ETF or Fund Better? Depends Who You Ask...

May 20, 2008

An audience member at some sort of live CNBC event asks a seemingly simple question about exchange traded funds:

"For the small investor that wants to hold their investment for awhile and they are looking at a mutual fund verses an ETF and it's the same sector and it's the same kind of portfolio, why would you buy a mutual fund over an ETF given that the ETF usually has lower costs?"

...and in response gets day-trader mumbo jumbo from the expert panelists. The conclusion seems to be that ETFs are essentially always better because investors can buy and sell them intraday (so much for the 'small investor that wants to hold their investment for awhile' part), because the market gains big on some days and you don't want to miss those days.

Of course the market also falls big some days and investors would want to miss those days - and could benefit from ordinary open end funds which only execute investors' buy trades at the end of the day. For a longer-term investor, intra day price swings are irrelevant because those investors have no idea if the market is going down or up the day they buy in.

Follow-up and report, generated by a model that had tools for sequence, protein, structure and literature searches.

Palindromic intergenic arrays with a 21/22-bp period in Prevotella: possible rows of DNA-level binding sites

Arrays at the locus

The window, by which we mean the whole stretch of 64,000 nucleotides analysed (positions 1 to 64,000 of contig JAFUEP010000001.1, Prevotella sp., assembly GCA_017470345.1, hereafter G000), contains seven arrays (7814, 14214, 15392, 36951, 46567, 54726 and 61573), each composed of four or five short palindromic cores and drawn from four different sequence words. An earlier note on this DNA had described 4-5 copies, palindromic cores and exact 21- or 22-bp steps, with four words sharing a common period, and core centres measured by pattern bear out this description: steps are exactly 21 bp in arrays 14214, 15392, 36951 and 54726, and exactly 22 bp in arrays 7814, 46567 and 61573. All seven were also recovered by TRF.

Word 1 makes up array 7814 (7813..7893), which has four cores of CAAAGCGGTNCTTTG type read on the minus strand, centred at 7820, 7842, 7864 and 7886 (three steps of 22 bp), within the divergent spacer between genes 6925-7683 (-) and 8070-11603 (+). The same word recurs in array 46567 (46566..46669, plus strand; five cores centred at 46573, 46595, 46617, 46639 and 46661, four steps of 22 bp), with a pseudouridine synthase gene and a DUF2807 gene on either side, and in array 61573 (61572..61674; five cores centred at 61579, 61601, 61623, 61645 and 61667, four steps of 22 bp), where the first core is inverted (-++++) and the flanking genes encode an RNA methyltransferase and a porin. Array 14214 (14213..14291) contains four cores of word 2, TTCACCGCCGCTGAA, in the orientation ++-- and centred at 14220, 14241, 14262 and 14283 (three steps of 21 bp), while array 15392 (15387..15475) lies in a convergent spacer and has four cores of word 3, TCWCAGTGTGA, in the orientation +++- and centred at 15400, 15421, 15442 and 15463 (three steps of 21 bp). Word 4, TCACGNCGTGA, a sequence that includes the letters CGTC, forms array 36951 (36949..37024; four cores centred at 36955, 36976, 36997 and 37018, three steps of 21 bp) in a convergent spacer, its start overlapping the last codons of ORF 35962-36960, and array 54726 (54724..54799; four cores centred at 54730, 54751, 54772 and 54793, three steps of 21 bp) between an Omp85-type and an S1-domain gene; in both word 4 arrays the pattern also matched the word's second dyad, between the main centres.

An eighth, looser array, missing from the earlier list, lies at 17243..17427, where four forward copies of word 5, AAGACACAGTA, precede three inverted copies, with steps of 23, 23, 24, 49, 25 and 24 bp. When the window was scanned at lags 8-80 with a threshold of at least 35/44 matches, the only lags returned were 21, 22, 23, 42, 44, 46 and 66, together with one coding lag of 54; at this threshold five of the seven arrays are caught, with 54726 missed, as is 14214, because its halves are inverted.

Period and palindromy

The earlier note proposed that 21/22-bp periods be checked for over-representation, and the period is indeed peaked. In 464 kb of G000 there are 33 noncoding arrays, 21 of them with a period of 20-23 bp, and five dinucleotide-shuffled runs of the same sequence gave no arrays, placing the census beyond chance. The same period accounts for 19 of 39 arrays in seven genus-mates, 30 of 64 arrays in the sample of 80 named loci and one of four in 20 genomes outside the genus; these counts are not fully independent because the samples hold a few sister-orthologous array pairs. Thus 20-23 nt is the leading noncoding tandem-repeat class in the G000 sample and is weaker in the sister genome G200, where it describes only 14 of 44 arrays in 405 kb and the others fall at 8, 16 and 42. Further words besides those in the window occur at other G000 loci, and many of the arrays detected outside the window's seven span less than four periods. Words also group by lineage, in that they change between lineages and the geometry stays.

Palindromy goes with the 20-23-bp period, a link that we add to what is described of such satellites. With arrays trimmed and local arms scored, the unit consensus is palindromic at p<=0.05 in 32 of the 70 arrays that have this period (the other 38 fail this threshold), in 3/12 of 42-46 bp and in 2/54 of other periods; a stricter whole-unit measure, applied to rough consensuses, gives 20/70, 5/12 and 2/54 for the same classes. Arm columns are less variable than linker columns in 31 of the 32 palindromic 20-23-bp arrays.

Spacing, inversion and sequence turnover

What is relevant is that ETFs can be cheaper to own, but can also be more expensive than similar open-end funds if not managed correctly.

For those who are going to add money to their holdings along they way, no-load funds that are bought directly from the fund family can save money on commissions if the fund fees are not far more expensive than an ETF. Most Vanguard and Fidelity index funds are as cheap as ETFs (and in many cases cheaper) and offer a cost advantage when considering the commission and bid/ask spread to buy and sell ETFs.

The trouble of course is figuring out which actively managed fund will beat a benchmark index going forward - a task bordering on impossible. On the other hand, what are your chances of beating a benchmark index buying and selling ETFs like a mad hatter?

We prefer a mix of lower fee actively manged open-end funds and index funds to an all-ETF portfolio. Depending on how you are using them, the index funds can be open-end or ETFs. We also think more harm than good will ultimately be caused by most of the new fangled ETFs being launched nowadays.